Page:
Synthetic agents that recognize specific sequences within chromosomal DNA are a promising strategy for controlling gene expression. During the previous funding period we described duplex RNAs, peptide nucleic acids (PNAs), PNA-peptides, and locked nucleic acids (LNAs) that target gene promoters and modulate expression. LNA bases contain a modified ribose with a methylene linkage between the 2'-oxygen and 4'-carbon and increase melting temperature values (Tm's) by as much as 100C per substitution. We focus this proposal on LNAs because LNAs have been the simplest and most effective tools for direct recognition of chromosomal DNA. Objectives. Our objective for the next funding period is to understand the potential of chromosome- targeted LNAs as research tools and leads for clinical development. Research Design. We will investigate the mechanism, optimization and applications of agLNAs.
In Aim 1 we will investigate the mechanism of agLNA-mediated recognition of nucleic acid targets and subsequent inhibition of gene expression inside cells. The environment surrounding gene promoters is a complex mix of RNA transcripts, proteins, and chromosomal DNA. Understanding the mechanism of recognition will help guide use of agLNAs for new applications and provide important basic insights into how synthetic oligomers affect cellular processes at gene promoters.
In Aim 2, we will characterize cellular uptake, improve delivery methods, and test chemically modified LNAs. The goal for this Aim is to identify the most straightforward and efficient combination of delivery protocol and chemical structure for achieving optimal inhibition with antigene oligonucleotides. This information will assist researchers hoping to use agLNAs and help guide the design of agLNAs for therapeutic applications.
In Aim 3 we propose novel strategies to use agLNAs to control cellular processes. Applications include use of agLNAs to probe accessibility of sequences within chromosomal DNA, targeting agLNAs to genes with bidirectional promoters (10 % of human genes), using agLNAs to manipulate expression of genes that are important biomedical targets, and synthesis and testing of agLNA-peptide conjugates designed to recruit transcription factors to gene promoters and activate gene expression. These experiments were chosen for their potential to expand the range of applications for agLNAs. Biomedical Relevance. There are currently few options for sequence-specific recognition of chromosomal DNA. agLNAs unlock access to chromosomal DNA and provide an alternative for addressing the difficult problem of achieving adequate potency and specificity in vivo. agLNAs will also provide useful tools for probing chromosome accessibility at specific sequences, information that may lead to a better understanding of replication, DNA repair, and gene expression.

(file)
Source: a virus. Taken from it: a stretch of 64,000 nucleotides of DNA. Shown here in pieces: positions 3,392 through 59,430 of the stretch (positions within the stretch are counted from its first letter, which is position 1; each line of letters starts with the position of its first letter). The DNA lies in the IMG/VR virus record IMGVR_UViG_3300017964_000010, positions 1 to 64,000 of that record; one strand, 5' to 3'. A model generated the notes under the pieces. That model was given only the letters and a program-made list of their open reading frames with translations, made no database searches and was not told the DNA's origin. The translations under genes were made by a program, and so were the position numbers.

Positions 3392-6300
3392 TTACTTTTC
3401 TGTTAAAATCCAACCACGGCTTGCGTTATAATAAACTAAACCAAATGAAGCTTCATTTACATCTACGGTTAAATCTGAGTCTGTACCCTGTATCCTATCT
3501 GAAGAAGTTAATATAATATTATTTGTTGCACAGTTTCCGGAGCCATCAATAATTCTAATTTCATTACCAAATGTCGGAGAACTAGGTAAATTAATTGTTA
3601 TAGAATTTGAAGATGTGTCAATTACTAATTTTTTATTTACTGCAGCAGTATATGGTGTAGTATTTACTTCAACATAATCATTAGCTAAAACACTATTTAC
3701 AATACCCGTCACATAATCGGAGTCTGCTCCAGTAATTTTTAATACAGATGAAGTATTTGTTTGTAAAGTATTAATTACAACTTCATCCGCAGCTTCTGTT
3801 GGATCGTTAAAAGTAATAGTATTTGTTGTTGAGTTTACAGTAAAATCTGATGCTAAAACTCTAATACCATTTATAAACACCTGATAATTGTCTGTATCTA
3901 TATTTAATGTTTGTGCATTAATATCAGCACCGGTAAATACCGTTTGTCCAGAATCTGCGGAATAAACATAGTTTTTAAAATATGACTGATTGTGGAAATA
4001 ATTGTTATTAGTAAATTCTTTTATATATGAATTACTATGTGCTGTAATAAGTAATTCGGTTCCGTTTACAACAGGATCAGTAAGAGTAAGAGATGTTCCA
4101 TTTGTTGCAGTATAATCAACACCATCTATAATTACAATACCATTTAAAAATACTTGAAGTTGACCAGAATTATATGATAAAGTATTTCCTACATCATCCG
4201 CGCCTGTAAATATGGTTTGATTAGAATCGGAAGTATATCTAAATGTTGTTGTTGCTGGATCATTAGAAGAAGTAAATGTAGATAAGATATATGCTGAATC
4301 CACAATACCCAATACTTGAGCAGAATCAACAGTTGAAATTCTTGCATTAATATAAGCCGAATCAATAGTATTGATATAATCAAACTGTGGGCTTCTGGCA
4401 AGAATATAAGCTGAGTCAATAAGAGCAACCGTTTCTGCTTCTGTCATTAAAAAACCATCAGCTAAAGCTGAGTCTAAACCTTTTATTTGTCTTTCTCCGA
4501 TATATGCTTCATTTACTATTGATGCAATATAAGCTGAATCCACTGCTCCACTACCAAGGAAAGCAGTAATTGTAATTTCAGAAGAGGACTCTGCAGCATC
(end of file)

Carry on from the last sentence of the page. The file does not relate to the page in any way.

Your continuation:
Public Health Relevance

Chromosomal DNA encodes the information necessary to express proteins. Agents that target DNA have the potential to affect production of proteins involved in disease and may provide a new class of drugs. The goals of this proposal are to learn how recognition of DNA can be achieved and to use this knowledge to develop strategies for controlling the function of cells.

Agency
National Institute of Health (NIH)
Institute
National Institute of General Medical Sciences (NIGMS)
Type
Research Project (R01)
Project #
5R01GM073042-08
Application #
8213759
Study Section
Special Emphasis Panel (ZRG1-GGG-J (10))
Program Officer
Fabian, Miles
Project Start
2005-02-01
Project End
2013-01-31
Budget Start
2012-02-01
Budget End
2013-01-31
Support Year
8
Fiscal Year
2012
Total Cost
$295,442
Indirect Cost
$107,263
Name
University of Texas Sw Medical Center Dallas
Department
Pharmacology
Type
Schools of Medicine
DUNS #
800771545
City
Dallas
State
TX
Country
United States
Zip Code
75390
Li, Liande; Matsui, Masayuki; Corey, David R (2016) Activating frataxin expression by repeat-targeted nucleic acids. Nat Commun 7:10606
Matsui, Masayuki; Prakash, Thazha P; Corey, David R (2016) Argonaute 2-dependent Regulation of Gene Expression by Single-stranded miRNA Mimics. Mol Ther 24:946-55
Chu, Yongjun; Wang, Tao; Dodd, David et al. (2015) Intramolecular circularization increases efficiency of RNA sequencing and enables CLIP-Seq of nuclear RNA from human cells. Nucleic Acids Res 43:e75
Hu, Jiaxin; Liu, Jing; Li, Liande et al. (2015) Engineering Duplex RNAs for Challenging Targets: Recognition of GGGGCC/CCCCGG Repeats at the ALS/FTD C9orf72 Locus. Chem Biol 22:1505-11
Matsui, Masayuki; Threlfall, Richard N; Caruthers, Marvin H et al. (2014) Effect of 2'-O-methyl/thiophosphonoacetate-modified antisense oligonucleotides on huntingtin expression in patient-derived cells. Artif DNA PNA XNA 5:e1146391
Gagnon, Keith T; Li, Liande; Janowski, Bethany A et al. (2014) Analysis of nuclear RNA interference in human cells by subcellular fractionation and Argonaute loading. Nat Protoc 9:2045-60
Gagnon, Keith T; Li, Liande; Chu, Yongjun et al. (2014) RNAi factors are present and active in human cell nuclei. Cell Rep 6:211-21
Liu, Jing; Yu, Dongbo; Aiba, Yuichiro et al. (2013) ss-siRNAs allele selectively inhibit ataxin-3 expression: multiple mechanisms for an alternative gene silencing strategy. Nucleic Acids Res 41:9570-83
Matsui, Masayuki; Prakash, Thazha P; Corey, David R (2013) Transcriptional silencing by single-stranded RNAs targeting a noncoding RNA that overlaps a gene promoter. ACS Chem Biol 8:122-6
Dodd, David W; Gagnon, Keith T; Corey, David R (2013) Digital quantitation of potential therapeutic target RNAs. Nucleic Acid Ther 23:188-94

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